Antiques challenge. Two teams do battle at auction in Oswestry. Philip Serrell and a team of paranormal investigators are up against David Harper and two waitresses.
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Eight hundred years ago, two Saxon kings fought over this land.
Today, the Reds and the Blues will do battle for the ultimate daytime prize -
a spot of cash.
Let's go Bargain Hunting! Yeah!
Today, we're up north, in Oswestry.
I've got a team of paranormal investigators
and a team of waitresses.
So that's lunch sorted out, isn't it?
Let's have a quick look at what's coming up, shall we?
Philip Serrell and his ladies in red fall into a love-hate relationship.
Ooh... Why do I always get the nutters? Why?
David Harper is not quite hitting the spot with his Blue team.
-At least we know what we don't want.
But who will come up smelling of roses at the auction?
And later on, I've got a date with a doll.
Lucky old me!
That's all to come. But come on, first let's meet the teams.
Today, we have two sets of friends.
For the Reds, we've got Migs and Jenny, and for the Blues we've got Sophie and Jez. Welcome.
Now, you're both members of a paranormal investigation society.
-Yes, we are.
-Is it enough to make your hair stand on end?
-It can be!
-Tell us about it.
-Well, we generally go to places where people report
they've got disturbances - pubs, hotels, private houses sometimes.
-And we investigate to see if they are paranormal.
-Right. You're the chairman.
-I am, yes.
-Yes. And this is your assistant.
Yes. This is one of my many investigators.
-So you're waiting for something spooky to happen?
Jenny, you're a fan of Bargain Hunt. Tell us about that.
I've been since it first started many, many years ago.
What's your favourite bit?
Just going, "You're not going to make a profit."
It's easy when you're an armchair critic, isn't it?
-It's easy to say...
-Well, you're going to find out today, darling, all about it. Good luck.
Now for the Blues. So, how long have you two girls known each other?
-We've been friends since we started secondary school, so twenty years now?
-And you work together.
We work in a local restaurant.
-Is it a popular place?
-It is, yeah.
I bet they all come in to see the waitresses.
They do! We get some regulars, yeah.
-Well, there you are.
-Sophie's got a little way of remembering these people that come in.
What's your way of remembering?
-By what they order!
-Oh, do you?
So I've got Mr and Mrs Fish And Chips and Mr and Mrs Minted Lamb!
Cos that's what they always have.
Always have, yeah.
How do you think you're both going to get on today? Any good?
-I think we're going to do well.
You're going to absolutely hammer the Reds?
-I think so.
-Is that what you're going to do? I'm sure.
These paranormalists here are looking quite keen.
Anyway, very good luck to you all.
Now the money moment.
There's your £300. £300. You know the rules.
Your experts await. And off you go!
Very, very, very good luck.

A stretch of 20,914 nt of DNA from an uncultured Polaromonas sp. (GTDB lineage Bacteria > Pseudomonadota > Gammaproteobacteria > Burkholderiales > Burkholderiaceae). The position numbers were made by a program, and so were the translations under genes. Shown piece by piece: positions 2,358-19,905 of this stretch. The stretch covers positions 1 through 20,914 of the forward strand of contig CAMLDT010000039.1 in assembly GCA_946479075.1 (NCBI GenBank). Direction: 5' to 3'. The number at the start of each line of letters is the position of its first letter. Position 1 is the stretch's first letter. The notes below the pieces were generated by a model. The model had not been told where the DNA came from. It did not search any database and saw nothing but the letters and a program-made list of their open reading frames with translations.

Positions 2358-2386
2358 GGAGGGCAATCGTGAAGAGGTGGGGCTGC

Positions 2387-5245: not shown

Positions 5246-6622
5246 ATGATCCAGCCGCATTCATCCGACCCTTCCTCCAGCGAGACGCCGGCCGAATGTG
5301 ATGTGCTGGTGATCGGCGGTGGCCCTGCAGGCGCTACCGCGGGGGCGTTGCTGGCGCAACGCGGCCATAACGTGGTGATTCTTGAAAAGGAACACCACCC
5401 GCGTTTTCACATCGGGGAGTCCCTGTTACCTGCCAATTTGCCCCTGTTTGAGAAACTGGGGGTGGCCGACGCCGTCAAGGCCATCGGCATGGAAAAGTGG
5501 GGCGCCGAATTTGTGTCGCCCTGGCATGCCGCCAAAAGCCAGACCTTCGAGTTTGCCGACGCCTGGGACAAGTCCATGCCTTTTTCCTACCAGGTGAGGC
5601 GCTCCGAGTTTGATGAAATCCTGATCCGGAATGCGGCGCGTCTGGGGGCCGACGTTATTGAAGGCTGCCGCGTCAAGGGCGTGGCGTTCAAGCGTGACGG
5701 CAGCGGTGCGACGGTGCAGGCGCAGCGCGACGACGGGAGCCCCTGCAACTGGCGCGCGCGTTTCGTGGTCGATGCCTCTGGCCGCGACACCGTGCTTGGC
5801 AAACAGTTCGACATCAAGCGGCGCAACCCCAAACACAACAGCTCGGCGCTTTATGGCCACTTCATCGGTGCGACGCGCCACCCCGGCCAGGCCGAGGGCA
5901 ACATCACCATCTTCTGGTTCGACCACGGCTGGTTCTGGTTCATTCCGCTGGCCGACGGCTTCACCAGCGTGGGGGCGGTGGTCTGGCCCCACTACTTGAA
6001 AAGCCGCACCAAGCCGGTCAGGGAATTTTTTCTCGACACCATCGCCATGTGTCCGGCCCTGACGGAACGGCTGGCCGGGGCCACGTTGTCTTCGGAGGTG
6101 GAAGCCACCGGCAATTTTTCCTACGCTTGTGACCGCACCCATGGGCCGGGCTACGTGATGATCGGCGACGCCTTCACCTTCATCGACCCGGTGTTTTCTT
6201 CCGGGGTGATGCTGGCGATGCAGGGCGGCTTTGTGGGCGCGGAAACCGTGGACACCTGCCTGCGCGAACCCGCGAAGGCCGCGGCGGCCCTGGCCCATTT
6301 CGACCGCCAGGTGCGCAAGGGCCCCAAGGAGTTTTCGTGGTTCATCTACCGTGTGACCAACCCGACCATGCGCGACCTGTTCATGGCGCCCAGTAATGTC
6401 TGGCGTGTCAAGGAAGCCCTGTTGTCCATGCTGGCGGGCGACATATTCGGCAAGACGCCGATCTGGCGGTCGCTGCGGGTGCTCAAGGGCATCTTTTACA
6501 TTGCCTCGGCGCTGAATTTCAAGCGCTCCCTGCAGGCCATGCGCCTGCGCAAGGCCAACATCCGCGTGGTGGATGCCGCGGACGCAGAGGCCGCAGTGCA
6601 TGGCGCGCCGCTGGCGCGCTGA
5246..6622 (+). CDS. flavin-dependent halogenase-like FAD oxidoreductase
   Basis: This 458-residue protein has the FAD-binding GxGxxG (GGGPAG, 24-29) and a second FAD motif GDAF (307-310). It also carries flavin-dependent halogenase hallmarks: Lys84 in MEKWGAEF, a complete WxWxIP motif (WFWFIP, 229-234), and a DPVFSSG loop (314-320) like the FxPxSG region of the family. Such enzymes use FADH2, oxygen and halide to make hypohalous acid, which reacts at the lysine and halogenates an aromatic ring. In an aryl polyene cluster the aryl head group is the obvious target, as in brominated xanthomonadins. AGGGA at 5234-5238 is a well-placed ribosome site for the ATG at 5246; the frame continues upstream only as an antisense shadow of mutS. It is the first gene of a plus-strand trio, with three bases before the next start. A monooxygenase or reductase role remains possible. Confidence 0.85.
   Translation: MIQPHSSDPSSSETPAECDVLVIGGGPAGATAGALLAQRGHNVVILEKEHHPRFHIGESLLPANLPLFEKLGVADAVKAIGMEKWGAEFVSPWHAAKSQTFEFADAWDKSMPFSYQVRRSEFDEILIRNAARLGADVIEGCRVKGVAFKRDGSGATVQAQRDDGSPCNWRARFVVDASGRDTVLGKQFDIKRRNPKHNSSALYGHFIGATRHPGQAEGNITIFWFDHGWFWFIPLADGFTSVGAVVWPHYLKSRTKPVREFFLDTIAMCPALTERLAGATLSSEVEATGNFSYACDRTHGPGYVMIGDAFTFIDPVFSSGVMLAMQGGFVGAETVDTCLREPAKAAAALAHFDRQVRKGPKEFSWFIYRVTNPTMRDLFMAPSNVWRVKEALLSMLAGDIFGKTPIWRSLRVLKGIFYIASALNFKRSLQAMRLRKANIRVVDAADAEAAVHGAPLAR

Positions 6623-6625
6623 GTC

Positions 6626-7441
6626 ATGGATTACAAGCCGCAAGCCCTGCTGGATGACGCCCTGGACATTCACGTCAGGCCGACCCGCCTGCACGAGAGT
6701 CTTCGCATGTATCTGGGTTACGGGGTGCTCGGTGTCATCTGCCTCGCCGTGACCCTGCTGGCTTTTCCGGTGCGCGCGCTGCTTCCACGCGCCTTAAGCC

I think we're in for a wizard today, don't you? What?
Squaring up for the fight ahead are the experts.
Remember, each team has one hour to buy three items with £300,
and the winners make the most or lose the least at auction.
Got a plan, girls?
You've got the wrong bloke for shiny things!
You two just seem petrified to me.
-Are you? OK, well, we've got one hour, and it starts now.
I'll give you a bit of advice, right?
This'll be the quickest hour of your life. It's a lottery.
Go for broke, buy what you like.
And if you want to do well, take no notice of anything that I've got to say.
That's a promising start, Phil...
I'm sure the Blue team have faith in David.
What I like about those, they look like they're eighteenth-century coloured Delftware, Dutch pieces,
but they're much more modern.
I prefer something a bit plainer, I think.
That's a bit too flowery.
-OK. So we're looking for something more refined, sophisticated?
Oh, right. So really, a bit of a bad start on my behalf, then.
-At least we know what we don't want.
Onwards and upwards, David.
That's a lazy Susie, girls.
Sits on the middle of the table, and you'd put food, whatever, on it.
That's really quite nice. OK?
My heart's not in it, so I'm not sure.
This is going to be a hard old day!
What about that pair of vases? Now, you see, I'm drawn in to certain things.
I quite like those, actually, yeah.
I quite like them. They're not ancient, but there's a pair of.
-Can we have a better look?
-They're probably Italian. Let's see.
-What are they?
-They'll be Murano, I think.
-So they'll be Italian, Venetian glass...
-What's the price?
Cheap enough. Twenty quid for glass?
-Oh, gosh, please!
I love negotiating!
-Go for it. Are they OK?
Let's have a look. No handles off.
-This one seems OK.
-I think they're bonny, decorative items.
There's nothing wrong with them. I don't think anyone could say that you've made a huge mistake.
Hi there. What would trade price be on these?
You've got £2 on them.
-15, I think.
No, I think they're worth 18.
-They've certainly got a Victorian shape.
Dating glass is almost impossible.
I'll take 17, that's the very best.
They're definitely a bargain.
I'm not a fan of odd numbers. 16.
I'm a fan of odd numbers!
We'll go 15, then, if you like.
But these two are an odd pair.
15's quite a round number.
I think 17's better.
I'm happy, if you want to go with them.
And I'm happy, cos we've only been going three minutes.
-Suits me! Is it a done deal?
-Shake his hand.
Thank you very much. Thank you.
-Thanks a lot. Cheers.
Not bad, not bad.
One down for the Blues.
I quite like these spoons.
At auction those aren't going to make that money.
OK. I'll sell you one so you can make a profit.
They're both Dutch, and they're both hallmarked. And they are silver.
But if you're interested, I'd give you a chance for them.
Do you like those?
-I do like them, but I'll have a think.
We'll come and see you in a bit. Thank you.
Back outside, the Blues are proving tricky customers.